We all worry about our health, and sometimes we have every right to do so. However, sometimes this can spiral into hypochondria, now known as an ‘illness anxiety disorder’ that means your worry borders into obsessive paranoia. The irony is, your worried thoughts can lead to a physical health condition, so while there may have been nothing wrong with you, physical symptoms of stress will begin to show.
So, are you a hypochondriac? If the following signs are familiar to you, then you may be suffering from the disorder. However, don’t let this stretch your paranoia further. Counselling prescribed by your GP will help, so hopefully, he won’t be annoyed by yet another call you have made to him today.
Google is your best friend
Google is wonderful, but it can also be problematic. It is no substitute for a doctor, yet many of us rely on the Internet to find out what is wrong with us. We may only have a temporary headache or a harmless rash, but a quick search on Google may convince us we have some deadly tropical disease. Don’t jump to conclusions. It’s okay to Google ‘urgent care near me’ if you are sure you are in need of healthcare, and common sense tells us to seek help just to be sure. However, you will cause yourself to go a little crazy as well as your doctor if you create needless anxiety over something that is only very small.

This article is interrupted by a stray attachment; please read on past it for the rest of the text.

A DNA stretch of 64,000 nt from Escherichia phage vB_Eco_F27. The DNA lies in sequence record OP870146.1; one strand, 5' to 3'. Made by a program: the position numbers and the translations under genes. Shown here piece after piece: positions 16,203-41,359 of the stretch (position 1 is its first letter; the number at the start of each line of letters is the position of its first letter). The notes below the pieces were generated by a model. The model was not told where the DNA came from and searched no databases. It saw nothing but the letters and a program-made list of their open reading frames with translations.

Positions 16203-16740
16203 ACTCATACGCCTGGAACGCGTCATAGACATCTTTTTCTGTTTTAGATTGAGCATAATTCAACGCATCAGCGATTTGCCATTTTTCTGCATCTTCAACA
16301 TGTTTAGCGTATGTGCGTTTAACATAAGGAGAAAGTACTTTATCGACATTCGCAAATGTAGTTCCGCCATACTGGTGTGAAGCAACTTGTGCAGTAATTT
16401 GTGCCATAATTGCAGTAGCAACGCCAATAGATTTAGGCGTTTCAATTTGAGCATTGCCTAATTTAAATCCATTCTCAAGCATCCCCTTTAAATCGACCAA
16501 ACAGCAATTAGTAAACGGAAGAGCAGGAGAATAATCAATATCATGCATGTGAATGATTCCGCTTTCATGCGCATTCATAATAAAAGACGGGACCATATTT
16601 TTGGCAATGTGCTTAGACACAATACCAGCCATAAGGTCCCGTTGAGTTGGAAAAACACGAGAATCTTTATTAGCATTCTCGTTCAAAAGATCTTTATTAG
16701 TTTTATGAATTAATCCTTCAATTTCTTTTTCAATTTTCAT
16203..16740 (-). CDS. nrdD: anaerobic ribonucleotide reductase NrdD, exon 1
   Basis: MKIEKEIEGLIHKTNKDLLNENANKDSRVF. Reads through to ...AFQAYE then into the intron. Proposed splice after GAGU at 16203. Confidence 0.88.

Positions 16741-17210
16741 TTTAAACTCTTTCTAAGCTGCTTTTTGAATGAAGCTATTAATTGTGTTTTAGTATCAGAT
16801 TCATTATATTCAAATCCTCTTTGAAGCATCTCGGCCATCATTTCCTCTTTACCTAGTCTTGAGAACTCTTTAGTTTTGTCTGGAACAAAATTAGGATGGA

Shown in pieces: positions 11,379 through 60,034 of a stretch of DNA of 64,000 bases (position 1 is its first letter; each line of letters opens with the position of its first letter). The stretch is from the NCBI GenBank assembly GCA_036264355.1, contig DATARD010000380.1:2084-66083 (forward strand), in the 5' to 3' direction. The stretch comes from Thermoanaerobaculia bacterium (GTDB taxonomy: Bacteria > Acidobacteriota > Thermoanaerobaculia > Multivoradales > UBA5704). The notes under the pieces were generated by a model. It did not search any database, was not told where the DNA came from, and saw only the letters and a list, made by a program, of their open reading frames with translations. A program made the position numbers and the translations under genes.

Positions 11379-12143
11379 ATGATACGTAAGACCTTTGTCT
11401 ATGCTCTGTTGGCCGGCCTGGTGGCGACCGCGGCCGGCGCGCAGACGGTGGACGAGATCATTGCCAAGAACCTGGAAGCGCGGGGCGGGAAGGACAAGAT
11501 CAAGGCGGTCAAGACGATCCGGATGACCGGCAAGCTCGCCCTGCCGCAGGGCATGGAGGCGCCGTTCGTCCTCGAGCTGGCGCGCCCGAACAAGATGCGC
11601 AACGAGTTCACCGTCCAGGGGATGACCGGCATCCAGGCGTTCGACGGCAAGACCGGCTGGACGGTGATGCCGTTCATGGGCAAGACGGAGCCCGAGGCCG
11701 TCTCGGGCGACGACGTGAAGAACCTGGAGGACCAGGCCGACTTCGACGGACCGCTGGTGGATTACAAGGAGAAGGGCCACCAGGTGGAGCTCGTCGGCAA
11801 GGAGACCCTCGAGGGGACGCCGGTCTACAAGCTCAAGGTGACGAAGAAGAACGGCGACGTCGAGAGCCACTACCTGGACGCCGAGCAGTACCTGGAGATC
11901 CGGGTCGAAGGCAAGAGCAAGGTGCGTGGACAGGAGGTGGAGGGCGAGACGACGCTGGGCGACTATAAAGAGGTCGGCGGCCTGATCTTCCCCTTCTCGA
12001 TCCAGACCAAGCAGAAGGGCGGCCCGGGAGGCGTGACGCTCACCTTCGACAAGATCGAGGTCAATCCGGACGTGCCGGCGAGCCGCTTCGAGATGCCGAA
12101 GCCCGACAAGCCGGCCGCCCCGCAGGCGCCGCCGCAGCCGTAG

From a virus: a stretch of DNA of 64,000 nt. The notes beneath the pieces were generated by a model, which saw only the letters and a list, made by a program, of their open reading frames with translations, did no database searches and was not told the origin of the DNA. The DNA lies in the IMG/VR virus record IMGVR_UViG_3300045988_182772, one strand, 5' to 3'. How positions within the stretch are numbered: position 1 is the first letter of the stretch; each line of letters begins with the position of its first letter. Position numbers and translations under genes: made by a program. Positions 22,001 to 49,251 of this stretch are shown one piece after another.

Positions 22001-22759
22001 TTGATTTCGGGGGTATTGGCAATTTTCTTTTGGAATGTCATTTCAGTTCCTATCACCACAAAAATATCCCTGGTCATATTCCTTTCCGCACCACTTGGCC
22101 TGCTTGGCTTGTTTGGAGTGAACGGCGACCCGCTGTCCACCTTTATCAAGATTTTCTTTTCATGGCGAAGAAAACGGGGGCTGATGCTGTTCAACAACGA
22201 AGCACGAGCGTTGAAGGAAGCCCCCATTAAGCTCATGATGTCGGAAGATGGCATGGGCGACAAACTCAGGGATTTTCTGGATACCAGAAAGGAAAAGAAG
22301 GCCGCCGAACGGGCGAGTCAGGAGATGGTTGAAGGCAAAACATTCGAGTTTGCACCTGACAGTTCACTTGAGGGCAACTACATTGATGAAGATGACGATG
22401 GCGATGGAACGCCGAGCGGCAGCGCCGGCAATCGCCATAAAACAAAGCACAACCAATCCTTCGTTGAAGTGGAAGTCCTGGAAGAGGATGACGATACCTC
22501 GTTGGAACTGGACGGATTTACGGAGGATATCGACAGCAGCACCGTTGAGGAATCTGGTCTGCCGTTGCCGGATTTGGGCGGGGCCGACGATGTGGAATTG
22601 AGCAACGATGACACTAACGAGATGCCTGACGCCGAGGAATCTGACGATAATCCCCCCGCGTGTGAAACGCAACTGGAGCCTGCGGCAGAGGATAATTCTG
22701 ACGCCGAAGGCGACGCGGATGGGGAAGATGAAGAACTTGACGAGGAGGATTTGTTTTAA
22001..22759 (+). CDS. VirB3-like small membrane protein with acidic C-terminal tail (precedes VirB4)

You worry about getting sick (despite feeling okay)
You’re fine today, but that doesn’t mean you won’t fall desperately ill tomorrow. Perhaps a woman sneezed next to you on your daily commute, signalling the end of your good health. Doom and gloom befall you at every turn, and you are convinced you are going to fall ill, eventually. Well, we all get ill, but if you constantly worry about everything eventuality that is going to affect your health; even though you feel fine at the moment, you will only make yourself sick with worry.
Every ache and pain means the worst
We all feel aches and pains – it’s natural, especially with age. However, if your mind automatically thinks of the worst (even without the help of the Internet), you are probably jumping to conclusions. Our body is prone to all kinds of problems, but some of them are only temporary and not life-threatening diseases. Don’t assume the default answer is your imminent demise if you only have a headache. Chances are high that some of the aches and pains are because of the anxiety you put yourself through. The only tablet you need to take is a ‘chill pill.’
You need a second and third opinion
So your doctor has said you are perfectly fine and there is nothing to worry about. You go home, yet the nagging doubt persists. What if they don’t know what they’re talking about? Admittedly, they do make mistakes occasionally, so it’s reasonable to get a second opinion occasionally. But a third opinion? And even a fourth? If your ‘illness’ can be explained by the doctor with some degree of certainty, you are probably fine. If symptoms persist, then by all means get another opinion, but give them (and yourself) a break if you start to feel better.
Hypochondria is serious, and you may need help with the condition. The excessive and often needless worry will make you ill. Seek help for the problem, and with counselling you may discover the ‘real’ reasons behind the way you feel.